December 7, 2022
The Japan International Cooperation Agency (JICA) is helping young Filipinos develop their knowledge and careers in space technology through a scholarship program with Japan Aerospace Exploration Agency (JAXA). JICA's cooperation aims to enable them to contribute to the socio-economic development of the Philippines and enhance closer ties between two countries.
There is potential in developing young talents in space technology to address disaster management, industry development, and other sustainable development challenges of emerging economies like the Philippines.
To date, two Filipino scholars from the University of the Philippines (UP) are first recipients of the JICA-JAXA Network for Utilization of Space Technology or JJ-NeST scholarships from the Philippines. John Paul Almonte, 27, is taking up his masters degree in Electrical and Space Systems Engineering at Kyushu Institute of Technology until 2023. While Charleston Dale Ambatali, 27, also plans to taking up his doctorate degree in the Department of Aeronautics and Astronautics at The University of Tokyo Graduate School of Engineering until 2024
"The Philippines has one of the youngest populations in Asia. Thus, the JJ-NeST is an ideal opportunity to tap a talented pool of next generation Filipino innovators in space development. At the same time, this is a very effective means for JICA to also help develop human resources who can launch new ideas to address areas like climate change and industry development," said Chief Representative SAKAMOTO Takema.
The JJ-NeST program recently immersed the said scholars in the work of JAXA. There, Almonte shared his studies on developing a tracking system for ground sensor terminals used in satellite store-and-forward networks for remote data collection. These networks are used in environmental monitoring, emergency communications, and telemedicine, among others.
Ambatali (middle in black) and Almonte (5th from right) with colleagues during their exposure trip to JAXA.
Meanwhile, Ambatali also shared his work on a space-based solar power stations that collect power from the sun and send it towards the Earth for a stable source of renewable energy. This research work can be immediately developed into a ground-based long distance wireless power transfer system which can provide electricity to remote areas without the need for electrical towers and transmission lines.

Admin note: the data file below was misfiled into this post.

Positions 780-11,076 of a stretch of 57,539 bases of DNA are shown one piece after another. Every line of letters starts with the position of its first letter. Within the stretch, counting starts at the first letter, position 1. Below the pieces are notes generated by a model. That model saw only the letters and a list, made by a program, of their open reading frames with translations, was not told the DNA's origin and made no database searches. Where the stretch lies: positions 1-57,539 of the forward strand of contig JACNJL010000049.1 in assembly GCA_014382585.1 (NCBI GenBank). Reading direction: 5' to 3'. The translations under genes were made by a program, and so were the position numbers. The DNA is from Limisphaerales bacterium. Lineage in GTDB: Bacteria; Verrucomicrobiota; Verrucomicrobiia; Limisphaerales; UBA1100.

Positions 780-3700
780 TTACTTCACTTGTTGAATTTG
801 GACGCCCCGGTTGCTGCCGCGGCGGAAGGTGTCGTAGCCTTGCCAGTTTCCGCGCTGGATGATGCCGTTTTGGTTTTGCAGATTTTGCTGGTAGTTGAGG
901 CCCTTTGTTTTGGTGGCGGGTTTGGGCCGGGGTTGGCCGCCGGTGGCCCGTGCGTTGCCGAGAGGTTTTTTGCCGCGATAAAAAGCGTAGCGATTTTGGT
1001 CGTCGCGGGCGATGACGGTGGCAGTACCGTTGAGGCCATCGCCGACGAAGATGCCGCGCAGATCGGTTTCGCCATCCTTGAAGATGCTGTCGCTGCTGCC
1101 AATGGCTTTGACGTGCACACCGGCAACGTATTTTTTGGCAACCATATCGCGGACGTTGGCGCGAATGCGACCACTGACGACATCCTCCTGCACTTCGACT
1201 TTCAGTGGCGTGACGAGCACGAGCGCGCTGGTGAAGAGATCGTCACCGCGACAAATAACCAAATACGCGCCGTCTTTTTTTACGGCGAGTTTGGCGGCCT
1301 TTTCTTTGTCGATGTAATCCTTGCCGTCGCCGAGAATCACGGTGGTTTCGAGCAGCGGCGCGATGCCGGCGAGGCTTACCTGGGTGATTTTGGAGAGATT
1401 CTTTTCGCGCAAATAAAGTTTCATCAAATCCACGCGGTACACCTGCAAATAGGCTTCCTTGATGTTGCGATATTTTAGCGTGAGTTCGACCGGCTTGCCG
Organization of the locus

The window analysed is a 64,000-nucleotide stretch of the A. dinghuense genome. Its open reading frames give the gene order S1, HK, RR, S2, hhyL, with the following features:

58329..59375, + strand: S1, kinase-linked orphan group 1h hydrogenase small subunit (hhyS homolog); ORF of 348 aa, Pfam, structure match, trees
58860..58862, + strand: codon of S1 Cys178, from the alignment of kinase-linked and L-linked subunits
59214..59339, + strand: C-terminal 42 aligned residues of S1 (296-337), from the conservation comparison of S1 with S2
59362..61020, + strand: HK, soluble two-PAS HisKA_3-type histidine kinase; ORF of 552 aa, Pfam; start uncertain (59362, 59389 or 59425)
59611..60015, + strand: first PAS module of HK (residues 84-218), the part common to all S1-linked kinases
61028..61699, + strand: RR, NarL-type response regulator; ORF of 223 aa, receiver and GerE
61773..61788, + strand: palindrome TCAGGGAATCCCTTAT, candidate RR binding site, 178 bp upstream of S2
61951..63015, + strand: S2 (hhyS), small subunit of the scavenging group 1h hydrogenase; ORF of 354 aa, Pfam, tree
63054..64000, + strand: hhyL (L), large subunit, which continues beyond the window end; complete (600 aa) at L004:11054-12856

"The JICA scholarship provided me with the opportunity to work on multiple satellite projects that deepened my knowledge of the entire satellite development process - from mission definition to launch and operations. This opportunity also allowed me to collaborate and form good relationships with Japanese and foreign colleagues in the same field." shared Almonte.
Ambatali, on the other hand, added, "My knowledge of space technology development broadened in three aspects: the ground operations, development of space systems, and the policy that sustains them. Once I complete the program and return, I aim to spearhead projects that will promote a better quality of life for the Filipinos."
Space technology development is a relatively new area in the Philippines but has shown plenty of promise. The capacity development of young Filipino scientists in policymaking on space exploitation and microsatellites, with the cooperation of JICA, is a welcome development in this area of innovation.
The JJ-Nest program aims to graduate 20 students in the next five years from countries like Vietnam, Indonesia, Thailand, Rwanda and the Philippines.
"We've designed our human resource development cooperation in the Philippines especially in space technology to address long-term sustainability and impact. Hopefully, more young Filipinos will be encouraged to study space technology, and work with Japan. This way, both our countries can also cushion the disproportionate impact the pandemic and climate change brought to our economies through space technology innovations," added SAKAMOTO.
During Ambatali (left) and Almonte's (right) retreat to JAXA where they presented about their respective Graduate Studies research.